- Strip Poker, Rachel Rodman
- Night of Terror, Hormoz Shahdadi
- Fragments of an Intermittent Lover, Eric Daffron
- Seated, Milo P. Ono
- And If The Line Breaks, Shannon Savvas
- The Moral Duty To Be Recondite, D. J. Wexler
- One Time In Hell, Leigh Rastivo
- Talbot and The Fall, Michael Nath
- A Conversation with Michael Nath
- Skating, Karen Walker
- Haunted Walls, Edward Lee
- Before, Amy Marques
- Light and Shadow, Nicole Blair
- Couch, Robert Stone
- Watching Shadows Move, Richard Risemberg
- Ghost in the Machine, D. W. White
L’Esprit Literary Review || Volume II Issue I
D. W. White, Editor
Jessica Denzer, Associate Editor
in mediam mentem
I have lost every hand, until now. All my clothes are gone, because I threw them in. Then my skin. Then my bones.
Fragments of an Intermittent Lover
Everyone knows that the lover speaks from great solitude. Roland Barthes teaches us as much. Yet the discourse that I speak comes from a solitude more absolute and profound. For, minus a beloved, I have no one to address. Hence a rare subject: the one who loves with no one to love.
Night of Terror
Ismaili sits on a chair at a table. The benches are full of boys and girls. Noise. Noise of terror. They’ve started. Tapping their feet. What should I do?
Rosa refuses to be still. She stretches her arms high above her head, stacks her palms, glues her biceps to her ears, and dives. She is a dolphin and the couch is her ocean.
And If The Line Breaks
Dark sky, dark room, dark heart. Only the mad noise of the pre-dawn birds in the shadowy trees outside her childhood bedroom window tells her she lives, breathes. That her heart beats on. The house is cold.
The Moral Duty To Be Recondite
‘Mugwump’, ‘vitiate’, ‘paralogism’ – It would not be a stretch to say 99% of the English-speaking population is unfamiliar with at least two of these words.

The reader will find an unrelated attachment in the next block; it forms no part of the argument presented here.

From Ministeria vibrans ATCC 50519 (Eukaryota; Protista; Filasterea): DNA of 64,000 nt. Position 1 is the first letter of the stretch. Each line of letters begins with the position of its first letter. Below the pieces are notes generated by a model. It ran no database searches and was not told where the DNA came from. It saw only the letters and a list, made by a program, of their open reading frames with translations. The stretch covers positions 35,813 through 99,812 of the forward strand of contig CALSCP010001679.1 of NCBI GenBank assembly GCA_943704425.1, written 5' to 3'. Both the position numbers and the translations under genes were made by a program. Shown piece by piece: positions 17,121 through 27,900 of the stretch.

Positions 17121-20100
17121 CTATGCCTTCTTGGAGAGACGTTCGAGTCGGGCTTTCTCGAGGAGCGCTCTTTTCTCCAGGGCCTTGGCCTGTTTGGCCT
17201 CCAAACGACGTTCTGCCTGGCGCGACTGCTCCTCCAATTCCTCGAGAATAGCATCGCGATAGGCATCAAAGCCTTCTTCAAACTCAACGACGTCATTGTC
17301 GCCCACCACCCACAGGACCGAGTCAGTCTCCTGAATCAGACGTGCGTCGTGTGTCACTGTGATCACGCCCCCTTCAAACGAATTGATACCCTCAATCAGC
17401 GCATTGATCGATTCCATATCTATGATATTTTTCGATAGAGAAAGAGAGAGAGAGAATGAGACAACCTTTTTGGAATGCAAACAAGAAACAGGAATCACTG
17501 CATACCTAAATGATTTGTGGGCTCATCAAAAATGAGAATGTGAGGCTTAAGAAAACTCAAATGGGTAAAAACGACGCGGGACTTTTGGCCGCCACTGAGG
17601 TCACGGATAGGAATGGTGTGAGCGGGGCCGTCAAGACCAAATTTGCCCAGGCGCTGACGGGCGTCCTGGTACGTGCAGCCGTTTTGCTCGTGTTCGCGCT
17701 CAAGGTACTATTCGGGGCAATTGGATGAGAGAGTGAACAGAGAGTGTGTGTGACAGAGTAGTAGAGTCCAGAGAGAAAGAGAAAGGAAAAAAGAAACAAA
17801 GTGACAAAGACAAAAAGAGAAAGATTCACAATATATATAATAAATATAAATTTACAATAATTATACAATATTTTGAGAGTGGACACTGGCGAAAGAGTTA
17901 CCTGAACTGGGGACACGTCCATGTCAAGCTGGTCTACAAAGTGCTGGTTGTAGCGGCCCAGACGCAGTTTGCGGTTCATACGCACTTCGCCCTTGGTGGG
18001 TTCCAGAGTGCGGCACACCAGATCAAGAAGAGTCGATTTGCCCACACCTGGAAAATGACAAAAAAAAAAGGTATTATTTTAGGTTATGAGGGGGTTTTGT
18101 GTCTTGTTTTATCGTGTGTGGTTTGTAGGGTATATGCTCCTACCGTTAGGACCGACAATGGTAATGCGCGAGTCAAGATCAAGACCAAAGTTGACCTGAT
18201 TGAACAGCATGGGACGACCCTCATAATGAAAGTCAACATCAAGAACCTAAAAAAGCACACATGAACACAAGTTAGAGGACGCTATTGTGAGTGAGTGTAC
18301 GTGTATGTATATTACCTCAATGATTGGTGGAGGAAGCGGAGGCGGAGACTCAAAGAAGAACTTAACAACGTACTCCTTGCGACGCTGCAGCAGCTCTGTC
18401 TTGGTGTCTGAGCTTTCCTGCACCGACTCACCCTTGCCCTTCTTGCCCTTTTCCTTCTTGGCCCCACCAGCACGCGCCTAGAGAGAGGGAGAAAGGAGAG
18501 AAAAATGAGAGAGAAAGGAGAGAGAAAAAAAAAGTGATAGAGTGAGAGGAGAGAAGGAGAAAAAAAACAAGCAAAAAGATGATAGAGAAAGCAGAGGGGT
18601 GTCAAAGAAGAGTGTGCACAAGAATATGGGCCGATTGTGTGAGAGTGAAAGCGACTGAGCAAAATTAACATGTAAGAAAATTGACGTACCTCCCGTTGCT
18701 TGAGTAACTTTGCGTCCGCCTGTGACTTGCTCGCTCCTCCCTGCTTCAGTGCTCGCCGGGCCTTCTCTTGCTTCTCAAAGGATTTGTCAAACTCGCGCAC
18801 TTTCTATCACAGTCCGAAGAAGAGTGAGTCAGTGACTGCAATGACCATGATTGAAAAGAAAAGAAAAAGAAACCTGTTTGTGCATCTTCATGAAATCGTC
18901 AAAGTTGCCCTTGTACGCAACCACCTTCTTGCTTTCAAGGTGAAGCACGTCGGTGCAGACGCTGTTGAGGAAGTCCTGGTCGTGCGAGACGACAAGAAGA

One Time In Hell
I went to kid hell when I was eight years old. I stood on a red velvet runner, and I smelled a familiar sweetness—frankincense, I think.
Talbot & The Fall
Brown-cracked Barbour, dreaming of … grooved gent bulkhead message (crumbling) relay room: 660V!
The dad is ice on the lake in the park. Says to his child and the mother of his child he’ll scout for thin spots, dark open water. He skates away. The hard grace of the hockey star he was.
The nurse asks me to sign a document I cannot see. Or I can see it, but cannot read it, the words nothing more than indecipherable black marks scratched into the whiteness of the paper, a whiteness which, combined with the harsh shine of the overhead fluorescent lights, hurts my eyes.
The marriage ended before he learned what she looked like when the white started showing at the roots of her hairline.
Light and Shadow
Virginia Woolf is one of the most widely read authors of British Modernism, her innovations in narrative form revolutionizing fiction in the early 20th century, the effects of which are still felt today.
A fly sways drowsily across the sunny room until it hits the window with a bewildered thump. Then the ticking of the man’s watch is the only sound that anyone might hear.
Watching Shadows Move
The afternoon light coming through the window raked across the bedcovers, throwing shadows that the observer likened to those cast by desert hills just before sunset.
Ghost in the Machine
The mind, we are told by Cartesian philosophy, is separate from the body. It exists on its own, invisible, inherent, indispensable. It is in the combination of mind and body, a vital if uneven relationship, where human life, in some manner, comes into being. Je pense, donc je suis.
Cover photo credit: D. W. White, private collection
in mediam mentem // issue two